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How does Shelley prepare us for the horror of Frankenstein's creature?

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How does Shelley prepare us for the horror of Frankenstein's creature? Mary Shelley wrote Frankenstein in 1818. Shelley (the wife of poet Percy Shelley) first got inspiration for her book in Geneva. There she stayed with her husband, Lord Byron and a few others. They were all challenged to write a ghost story during a hellish storm. Though she did write a story it was a forgettable on. The real inspiration came on June 22nd, the night before Shelley's departure. The group discussed a subject from de Stael's 'De L'Allemagne' where they considered whether the principle of life could be discovered and whether scientists could be discovered and whether scientists could galvanize a corpse of manufactured humanoid. This was the true inspiration for Shelley and the next morning she had found her story and began writing the lines that opened Chapter 5 'It was a dreary night in November' The alternative name for this novel is ' the modern day Prometheus' The original myth written by Aeschylus, was about a man named Prometheus that tried to create life by manipulating a human out of clay. The two variations to myth merged together and fire became the compound used to animate the objects/images. This myth can be compared with Frankenstein because the elements, fire and electricity used to animate were said to me discovered by man. And in both the creators were punished, although god punished Prometheus. ...read more.


His arrogance and lack of morality can also be seen. "...My ability to give life to an animal as complex and wonderful as man' as he thinks he has the ability to make a life, without a woman, like god which is blasphemous and the impact on the reader especially at the time it was written would be one of shock. Frankenstein is attempting to create life and as a result will be cast into damnation because he is going against God like Satan in paradise lost. Frankenstein is also selfish as the only thought he has about his creature is "...its im-practability..." He goes on to say "It was with these feelings that I began the creation of a human being" As Frankenstein is telling the story himself we know that he regrets what he has done. There is no mention of him considering the consequences of his plight and throughout chapter 4 the foreboding references continue and prepare the reader for the next chapter, where Frankenstein's creature is finally brought to life. Frankenstein's ambition consumes him so much he forgets about morals. The readers will notice this flaw in character and fear the worst. However this is not the only flaw in his character. He appears to contradict himself and all that he believes in. He thinks that he is the clear thinking emotionally detached scientist, yet it is his passion to achieve and his 'ardour' that are causing him to lose sight of what he is doing. ...read more.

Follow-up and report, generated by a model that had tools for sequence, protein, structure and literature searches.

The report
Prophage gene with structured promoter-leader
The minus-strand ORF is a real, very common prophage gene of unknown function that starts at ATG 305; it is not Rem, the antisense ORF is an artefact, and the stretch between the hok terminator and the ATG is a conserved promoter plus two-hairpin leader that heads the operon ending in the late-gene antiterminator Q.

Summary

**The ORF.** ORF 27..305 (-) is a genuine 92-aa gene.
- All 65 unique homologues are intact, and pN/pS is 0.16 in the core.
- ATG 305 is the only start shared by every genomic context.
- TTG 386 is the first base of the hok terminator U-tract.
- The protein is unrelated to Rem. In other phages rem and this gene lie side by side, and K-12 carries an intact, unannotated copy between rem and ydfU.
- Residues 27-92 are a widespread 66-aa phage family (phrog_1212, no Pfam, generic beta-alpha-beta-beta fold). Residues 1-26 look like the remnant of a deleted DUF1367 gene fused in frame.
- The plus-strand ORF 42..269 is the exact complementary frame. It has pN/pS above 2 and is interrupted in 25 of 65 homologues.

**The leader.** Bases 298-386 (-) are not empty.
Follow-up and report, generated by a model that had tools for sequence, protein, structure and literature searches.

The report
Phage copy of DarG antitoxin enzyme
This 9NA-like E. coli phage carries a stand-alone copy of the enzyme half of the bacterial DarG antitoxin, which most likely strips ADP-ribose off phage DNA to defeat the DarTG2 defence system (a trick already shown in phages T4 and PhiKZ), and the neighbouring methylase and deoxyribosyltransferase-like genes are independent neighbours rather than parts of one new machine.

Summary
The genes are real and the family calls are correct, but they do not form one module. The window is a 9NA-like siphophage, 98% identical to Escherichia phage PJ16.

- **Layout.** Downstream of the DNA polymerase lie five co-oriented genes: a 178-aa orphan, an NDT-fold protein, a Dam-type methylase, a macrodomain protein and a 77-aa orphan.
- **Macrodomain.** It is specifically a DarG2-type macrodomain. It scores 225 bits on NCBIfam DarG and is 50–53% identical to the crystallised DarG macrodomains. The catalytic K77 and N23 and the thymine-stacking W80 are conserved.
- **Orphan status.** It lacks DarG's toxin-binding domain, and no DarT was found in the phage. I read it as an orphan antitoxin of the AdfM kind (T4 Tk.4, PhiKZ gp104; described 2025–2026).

They go back to his apartment. As he finds that the 'spectre' has left he is elated and feels like he has no more responsibility for his creature "...my bedroom was also free from it's hideous guest" We know that Frankenstein describes the creature as his enemy "I became assured that my enemy had indeed fled" I clapped my hands for joy" Which can also be seen when the creature reaches out to him He describes it as "...he muttered some inarticulate sounds while a grin wrinkled his cheeks...one hand stretched out seemingly to detain me" believing that it is threatening him. He misreads its actions but the reader can see that the creature is just reaching out like an innocent newborn child. In the latter parts of Chapter 5 Frankenstein is hit by a nervous fever and his friend nurses him back to health. When comparing Frankenstein with his creature we see there is a direct contrast between them. Frankenstein has family back home to care and love him, he also has his friend to nurse him back to health. His creature however is abandoned knowing nothing and having no one to care for him. Shelley uses religious imagery to help prepare the reader for the horror. Knowing that Frankenstein is going against God tells the reader that he will eventually come to his doom. The flaws in Frankenstein's character tell the reader that his creature will also be imperfect. Dark imagery prepares the reader for the rebirth of Frankenstein's creature, and techniques like alliteration help us to view the creature through Frankenstein's eyes. Florence Nathan 11R1 ...read more.

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